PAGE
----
I have always tried to do what was best for the nation
‘In all the decisions I have made in my public life I have always tried to do what was best for the nation,’ he would claim during his farewell speech which, in sixteen minutes, would attract a record-breaking hundred and fifty million viewers. ‘Throughout the long and difficult period of Watergate I have felt it was my duty to persevere, to make every possible effort to complete the term of office to which you elected me.’ Despite leaving the office in disgrace, in truth Richard Nixon had achieved more in his five-and-a-half-year presidency than many of his thirty-six predecessors. While Kennedy had been the one most responsible for America sending troops to Vietnam, it would be Nixon that had instigated the first withdrawal from the region while also entering into negotiations to free prisoners-of-war. A few months prior to Watergate he had visited China in an effort to improve relations between the two countries after decades of political tension. He had also signed the National Cancer Act of 1971, effectively leading the charge in researching both treatments and a cure against the deadly disease. But all this would seem inconsequential following the discovery that President Nixon had perverted the course of justice.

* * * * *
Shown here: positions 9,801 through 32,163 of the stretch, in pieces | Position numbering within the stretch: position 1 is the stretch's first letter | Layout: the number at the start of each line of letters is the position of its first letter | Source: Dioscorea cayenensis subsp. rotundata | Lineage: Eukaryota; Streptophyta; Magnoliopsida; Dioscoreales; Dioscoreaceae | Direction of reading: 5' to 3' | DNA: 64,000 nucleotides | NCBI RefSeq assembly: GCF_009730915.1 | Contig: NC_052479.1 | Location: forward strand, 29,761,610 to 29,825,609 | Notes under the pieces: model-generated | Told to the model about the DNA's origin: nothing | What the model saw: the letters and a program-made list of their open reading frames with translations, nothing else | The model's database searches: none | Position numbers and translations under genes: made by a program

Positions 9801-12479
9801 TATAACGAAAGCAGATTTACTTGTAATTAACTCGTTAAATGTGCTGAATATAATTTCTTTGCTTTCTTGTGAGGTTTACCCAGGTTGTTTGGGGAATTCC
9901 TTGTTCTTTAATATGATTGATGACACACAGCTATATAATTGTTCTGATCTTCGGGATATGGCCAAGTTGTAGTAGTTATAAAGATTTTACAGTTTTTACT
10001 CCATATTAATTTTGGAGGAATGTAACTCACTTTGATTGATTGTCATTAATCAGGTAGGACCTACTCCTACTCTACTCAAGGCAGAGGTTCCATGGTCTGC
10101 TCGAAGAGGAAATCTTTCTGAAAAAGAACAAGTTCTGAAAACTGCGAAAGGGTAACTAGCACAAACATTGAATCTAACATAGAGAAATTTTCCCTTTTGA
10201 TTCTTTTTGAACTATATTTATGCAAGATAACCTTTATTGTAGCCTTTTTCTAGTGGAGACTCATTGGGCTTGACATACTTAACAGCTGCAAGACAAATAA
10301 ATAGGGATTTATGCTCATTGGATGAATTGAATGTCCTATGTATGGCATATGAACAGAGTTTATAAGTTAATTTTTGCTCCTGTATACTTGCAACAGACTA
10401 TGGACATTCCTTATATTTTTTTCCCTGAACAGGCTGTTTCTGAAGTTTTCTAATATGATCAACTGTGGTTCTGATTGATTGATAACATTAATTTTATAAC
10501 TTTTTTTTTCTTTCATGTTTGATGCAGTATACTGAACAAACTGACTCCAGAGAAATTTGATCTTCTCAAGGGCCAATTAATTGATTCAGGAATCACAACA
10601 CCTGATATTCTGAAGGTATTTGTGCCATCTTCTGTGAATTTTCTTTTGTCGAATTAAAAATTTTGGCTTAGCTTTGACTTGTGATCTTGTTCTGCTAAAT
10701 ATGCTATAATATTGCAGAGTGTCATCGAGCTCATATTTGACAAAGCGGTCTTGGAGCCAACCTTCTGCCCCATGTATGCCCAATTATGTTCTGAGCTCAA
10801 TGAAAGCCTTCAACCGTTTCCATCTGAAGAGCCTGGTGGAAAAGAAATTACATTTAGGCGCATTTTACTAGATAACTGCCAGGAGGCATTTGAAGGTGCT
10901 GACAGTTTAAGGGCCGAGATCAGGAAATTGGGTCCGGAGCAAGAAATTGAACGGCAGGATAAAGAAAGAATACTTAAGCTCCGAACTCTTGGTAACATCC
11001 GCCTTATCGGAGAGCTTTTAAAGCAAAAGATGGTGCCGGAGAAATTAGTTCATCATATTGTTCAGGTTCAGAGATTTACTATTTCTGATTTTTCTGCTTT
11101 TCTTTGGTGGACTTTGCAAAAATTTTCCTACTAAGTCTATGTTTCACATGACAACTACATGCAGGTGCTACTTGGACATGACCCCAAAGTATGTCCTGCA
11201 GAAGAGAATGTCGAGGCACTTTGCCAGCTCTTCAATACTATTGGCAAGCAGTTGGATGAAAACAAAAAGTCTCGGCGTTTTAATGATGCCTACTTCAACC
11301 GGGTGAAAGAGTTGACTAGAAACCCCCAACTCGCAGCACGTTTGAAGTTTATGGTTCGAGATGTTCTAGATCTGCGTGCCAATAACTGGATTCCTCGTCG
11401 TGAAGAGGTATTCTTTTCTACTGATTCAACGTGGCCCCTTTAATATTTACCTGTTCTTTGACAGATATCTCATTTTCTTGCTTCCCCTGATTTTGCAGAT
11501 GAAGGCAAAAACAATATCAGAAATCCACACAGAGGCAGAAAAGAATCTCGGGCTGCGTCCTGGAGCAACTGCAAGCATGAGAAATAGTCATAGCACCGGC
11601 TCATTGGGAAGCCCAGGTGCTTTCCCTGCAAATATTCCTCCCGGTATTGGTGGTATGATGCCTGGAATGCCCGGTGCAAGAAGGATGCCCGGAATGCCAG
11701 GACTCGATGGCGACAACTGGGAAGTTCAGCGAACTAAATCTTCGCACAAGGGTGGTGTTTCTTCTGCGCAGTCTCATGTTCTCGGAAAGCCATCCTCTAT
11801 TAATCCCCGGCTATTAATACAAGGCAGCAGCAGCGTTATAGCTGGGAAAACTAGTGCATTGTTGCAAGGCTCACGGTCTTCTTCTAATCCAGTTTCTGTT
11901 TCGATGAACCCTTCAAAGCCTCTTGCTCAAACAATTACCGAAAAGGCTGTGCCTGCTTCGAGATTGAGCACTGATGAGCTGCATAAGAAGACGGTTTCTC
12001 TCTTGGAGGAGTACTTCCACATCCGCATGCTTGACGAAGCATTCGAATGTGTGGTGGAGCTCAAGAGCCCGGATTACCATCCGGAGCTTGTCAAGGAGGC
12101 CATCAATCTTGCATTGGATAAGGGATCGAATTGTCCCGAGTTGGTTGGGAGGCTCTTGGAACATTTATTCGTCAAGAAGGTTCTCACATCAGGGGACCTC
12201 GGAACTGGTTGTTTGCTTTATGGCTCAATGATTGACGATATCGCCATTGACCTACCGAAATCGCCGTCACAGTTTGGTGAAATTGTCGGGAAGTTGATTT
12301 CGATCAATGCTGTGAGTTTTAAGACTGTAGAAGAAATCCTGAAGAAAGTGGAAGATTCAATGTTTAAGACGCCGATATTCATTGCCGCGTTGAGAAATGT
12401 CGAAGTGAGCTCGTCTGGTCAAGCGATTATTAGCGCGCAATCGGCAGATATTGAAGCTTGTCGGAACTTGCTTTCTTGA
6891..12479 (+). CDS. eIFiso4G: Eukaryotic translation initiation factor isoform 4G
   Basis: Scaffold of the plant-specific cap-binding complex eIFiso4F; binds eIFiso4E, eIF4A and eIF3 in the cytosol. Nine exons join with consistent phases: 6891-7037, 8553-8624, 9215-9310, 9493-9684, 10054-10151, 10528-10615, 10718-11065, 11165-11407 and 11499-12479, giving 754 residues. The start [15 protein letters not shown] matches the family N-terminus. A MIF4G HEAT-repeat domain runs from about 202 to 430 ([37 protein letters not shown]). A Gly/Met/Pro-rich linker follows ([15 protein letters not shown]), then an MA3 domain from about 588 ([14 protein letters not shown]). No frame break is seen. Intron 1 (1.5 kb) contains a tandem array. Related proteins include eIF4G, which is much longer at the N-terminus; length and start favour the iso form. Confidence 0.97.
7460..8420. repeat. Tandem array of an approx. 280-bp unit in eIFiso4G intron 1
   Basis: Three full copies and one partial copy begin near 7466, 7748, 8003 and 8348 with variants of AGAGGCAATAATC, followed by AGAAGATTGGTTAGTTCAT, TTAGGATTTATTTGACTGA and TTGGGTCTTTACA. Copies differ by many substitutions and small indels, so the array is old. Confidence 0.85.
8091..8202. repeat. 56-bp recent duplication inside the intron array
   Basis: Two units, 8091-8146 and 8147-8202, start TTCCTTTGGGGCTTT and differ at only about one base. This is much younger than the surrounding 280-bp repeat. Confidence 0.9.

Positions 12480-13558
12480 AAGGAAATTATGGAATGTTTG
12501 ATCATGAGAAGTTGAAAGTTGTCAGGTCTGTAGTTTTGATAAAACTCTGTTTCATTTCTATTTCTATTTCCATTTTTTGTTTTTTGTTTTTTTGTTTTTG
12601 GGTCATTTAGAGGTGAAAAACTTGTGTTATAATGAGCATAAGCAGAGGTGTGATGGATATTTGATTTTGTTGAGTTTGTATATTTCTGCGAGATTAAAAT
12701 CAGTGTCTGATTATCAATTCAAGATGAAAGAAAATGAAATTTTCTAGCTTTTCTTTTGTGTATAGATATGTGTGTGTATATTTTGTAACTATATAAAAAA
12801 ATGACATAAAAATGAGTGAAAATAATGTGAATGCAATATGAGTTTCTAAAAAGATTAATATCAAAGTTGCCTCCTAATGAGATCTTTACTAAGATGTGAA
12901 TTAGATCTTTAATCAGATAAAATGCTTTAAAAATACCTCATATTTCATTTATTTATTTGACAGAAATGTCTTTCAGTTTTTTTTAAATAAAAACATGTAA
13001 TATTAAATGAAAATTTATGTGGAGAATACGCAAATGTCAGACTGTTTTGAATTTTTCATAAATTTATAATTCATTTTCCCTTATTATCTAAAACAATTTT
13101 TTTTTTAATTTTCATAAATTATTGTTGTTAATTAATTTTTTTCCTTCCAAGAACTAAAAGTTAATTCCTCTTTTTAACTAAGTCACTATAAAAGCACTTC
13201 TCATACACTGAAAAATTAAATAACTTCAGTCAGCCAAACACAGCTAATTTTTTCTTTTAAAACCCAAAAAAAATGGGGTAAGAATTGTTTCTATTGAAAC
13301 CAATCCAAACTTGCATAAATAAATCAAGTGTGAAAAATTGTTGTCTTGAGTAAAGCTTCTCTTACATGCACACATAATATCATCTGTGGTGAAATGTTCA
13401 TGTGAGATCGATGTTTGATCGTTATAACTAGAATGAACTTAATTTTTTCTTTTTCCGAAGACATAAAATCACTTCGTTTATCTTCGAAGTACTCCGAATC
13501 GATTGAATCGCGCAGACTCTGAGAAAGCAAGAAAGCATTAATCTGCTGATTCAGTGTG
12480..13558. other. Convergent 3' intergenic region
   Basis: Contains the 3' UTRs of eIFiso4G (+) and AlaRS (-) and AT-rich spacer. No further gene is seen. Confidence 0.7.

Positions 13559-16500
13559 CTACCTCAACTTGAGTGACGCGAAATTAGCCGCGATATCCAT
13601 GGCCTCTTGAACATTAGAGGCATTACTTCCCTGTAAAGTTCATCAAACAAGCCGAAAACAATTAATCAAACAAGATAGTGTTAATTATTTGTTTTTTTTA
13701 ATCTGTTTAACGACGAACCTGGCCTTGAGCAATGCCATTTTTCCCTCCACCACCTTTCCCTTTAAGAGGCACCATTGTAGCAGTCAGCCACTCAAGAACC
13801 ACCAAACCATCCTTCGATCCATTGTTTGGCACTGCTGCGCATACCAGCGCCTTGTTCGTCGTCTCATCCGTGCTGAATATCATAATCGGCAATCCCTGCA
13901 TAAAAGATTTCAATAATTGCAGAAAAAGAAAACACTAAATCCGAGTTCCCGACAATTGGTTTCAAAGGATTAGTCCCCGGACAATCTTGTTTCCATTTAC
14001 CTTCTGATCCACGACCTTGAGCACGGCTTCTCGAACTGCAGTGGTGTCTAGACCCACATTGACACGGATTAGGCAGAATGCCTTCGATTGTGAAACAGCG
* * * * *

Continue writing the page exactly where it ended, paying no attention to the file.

During his address to the nation on that summer evening, Nixon announced that his successor would be his Vice President, Gerald Ford. Just six months younger than Nixon, Ford had succeeded in the role after his predecessor Spiro Agnew had resigned following accusations of bribery and extortion. And now once again he was set to step into the shoes of a disgraced politician. With little aspirations of becoming president, in less than a year Ford had advanced from House Minority Leader to leader of the free world. ‘In the wake of Watergate and the withdrawal of American forces from the war of Vietnam, an ugly tide of recriminations swept over much of the land,’ Ford would recall five years later in his memoir A Time to Heal. ‘Charges were made, denied, then levelled again; some members of the Washington press corps seemed to operate on the premise that all government officials were liars unless and until they proved they were telling the truth. Two Washington Post reporters had been instrumental in toppling a president; other investigative journalists smelled blood in the water and the competition for scope began.’